Finally, a movie that gives me the opportunity to make a meaty attack on cinema's undying dependence on Sigmund Freud. But before I get my teeth into that matter, some words on this film's story and artistic worth. Set at the opening of the 20th century (the twilight of European global dominance), the film is about a relationship between Carl Jung (Michael Fassbender) and Sabina Spielrein (Keira Knightley). The latter, a beautiful Russian Jew, is a mental patient of the former, a Swiss psychiatrist. After the former cures the latter of her madness, he becomes her lover. She likes it rough; he is married but can't resist exploring the limits of desire. In the middle of all of this scandal and spanking appears, of course, the most famous psychiatrist who ever lived, Sigmund Freud (Viggo Mortensen). The Viennese quack (as Vladimir Nabokov was fond of calling him) smokes long penises and thinks everything comes down to the anus. The movie ends on a sad note. A Dangerous Method's artistic value is very respectable—the costumes are faultless, the pacing impeccable, and the performances solid (particularly Fassbender's). Indeed, it's hard to imagine David Cronenberg making a film that is not worth seeing.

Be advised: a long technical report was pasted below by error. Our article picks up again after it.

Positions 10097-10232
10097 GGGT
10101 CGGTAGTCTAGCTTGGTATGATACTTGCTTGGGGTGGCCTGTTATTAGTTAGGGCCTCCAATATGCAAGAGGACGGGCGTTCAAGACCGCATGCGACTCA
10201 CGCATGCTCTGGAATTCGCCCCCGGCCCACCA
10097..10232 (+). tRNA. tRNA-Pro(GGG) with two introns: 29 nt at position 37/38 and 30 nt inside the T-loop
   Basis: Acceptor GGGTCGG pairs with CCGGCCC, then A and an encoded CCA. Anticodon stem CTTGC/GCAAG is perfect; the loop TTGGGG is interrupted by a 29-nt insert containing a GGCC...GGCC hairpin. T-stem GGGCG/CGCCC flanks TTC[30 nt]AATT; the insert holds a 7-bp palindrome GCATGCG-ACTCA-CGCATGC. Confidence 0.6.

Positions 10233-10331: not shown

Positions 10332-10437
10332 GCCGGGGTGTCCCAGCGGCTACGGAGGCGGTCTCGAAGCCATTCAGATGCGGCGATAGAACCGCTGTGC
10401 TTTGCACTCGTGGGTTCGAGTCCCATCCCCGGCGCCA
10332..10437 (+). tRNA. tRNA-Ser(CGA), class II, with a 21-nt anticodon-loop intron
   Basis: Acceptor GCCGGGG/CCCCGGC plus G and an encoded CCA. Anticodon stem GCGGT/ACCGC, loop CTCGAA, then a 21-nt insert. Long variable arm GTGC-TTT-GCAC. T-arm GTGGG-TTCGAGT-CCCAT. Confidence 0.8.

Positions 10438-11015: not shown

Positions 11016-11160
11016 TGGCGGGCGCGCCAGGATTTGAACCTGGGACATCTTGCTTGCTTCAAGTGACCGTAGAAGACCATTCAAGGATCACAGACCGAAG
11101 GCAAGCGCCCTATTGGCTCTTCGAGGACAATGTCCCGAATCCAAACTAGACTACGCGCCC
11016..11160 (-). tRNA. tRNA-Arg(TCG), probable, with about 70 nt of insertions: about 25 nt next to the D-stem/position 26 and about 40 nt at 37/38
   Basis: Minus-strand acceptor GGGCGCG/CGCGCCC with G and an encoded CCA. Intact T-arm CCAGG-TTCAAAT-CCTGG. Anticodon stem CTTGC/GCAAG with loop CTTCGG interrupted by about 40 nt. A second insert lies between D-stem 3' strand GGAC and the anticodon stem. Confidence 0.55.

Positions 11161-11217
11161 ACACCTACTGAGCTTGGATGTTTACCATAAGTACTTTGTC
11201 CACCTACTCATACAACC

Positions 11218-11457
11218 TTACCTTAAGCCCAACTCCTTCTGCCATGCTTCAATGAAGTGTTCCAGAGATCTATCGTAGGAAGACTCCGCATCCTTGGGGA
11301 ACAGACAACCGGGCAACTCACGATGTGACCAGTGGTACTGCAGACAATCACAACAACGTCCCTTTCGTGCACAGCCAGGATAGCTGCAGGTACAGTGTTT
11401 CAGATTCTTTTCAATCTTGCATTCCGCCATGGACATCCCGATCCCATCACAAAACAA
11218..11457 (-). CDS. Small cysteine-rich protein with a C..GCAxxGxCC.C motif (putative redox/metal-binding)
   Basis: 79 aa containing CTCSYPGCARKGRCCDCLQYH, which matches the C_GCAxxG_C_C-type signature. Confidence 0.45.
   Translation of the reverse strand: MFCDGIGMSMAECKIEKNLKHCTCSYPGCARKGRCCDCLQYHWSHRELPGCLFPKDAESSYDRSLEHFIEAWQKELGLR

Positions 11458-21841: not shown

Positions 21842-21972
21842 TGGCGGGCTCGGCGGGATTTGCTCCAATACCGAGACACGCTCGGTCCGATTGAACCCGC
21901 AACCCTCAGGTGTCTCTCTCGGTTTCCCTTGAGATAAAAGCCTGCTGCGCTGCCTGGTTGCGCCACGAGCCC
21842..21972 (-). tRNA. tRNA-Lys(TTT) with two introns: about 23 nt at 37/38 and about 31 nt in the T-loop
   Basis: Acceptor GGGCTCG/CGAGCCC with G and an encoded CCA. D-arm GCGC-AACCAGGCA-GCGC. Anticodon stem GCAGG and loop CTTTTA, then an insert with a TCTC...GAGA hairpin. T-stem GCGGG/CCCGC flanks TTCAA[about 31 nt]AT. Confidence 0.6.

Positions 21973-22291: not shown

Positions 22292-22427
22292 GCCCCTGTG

That said, let's return to Freud. Lazy directors and actors love the Viennese quack because his analysis of human behavior offers the visual side of the art an easy way to externalize subjective states. And exactly why are Freud's ideas bad for this purpose? Because, as even the Jung in A Dangerous Method points out repeatedly, they are very limited, predictable, impoverished—everything comes down to sex, and sex comes down to the anus. So whenever a director employs Freud to communicate the inner worlds of his/her characters, we are always left with an anus: Why is he looking at that? It has something to do with his anus. Why does she scream like that? It has something to do with her anus. Why does the boy long for his mummy? It has something to do with his anus. Why is the girl so upset about her daddy? It must have something to do with her anus. The cinema of the new century must break with this old and dusty black hole.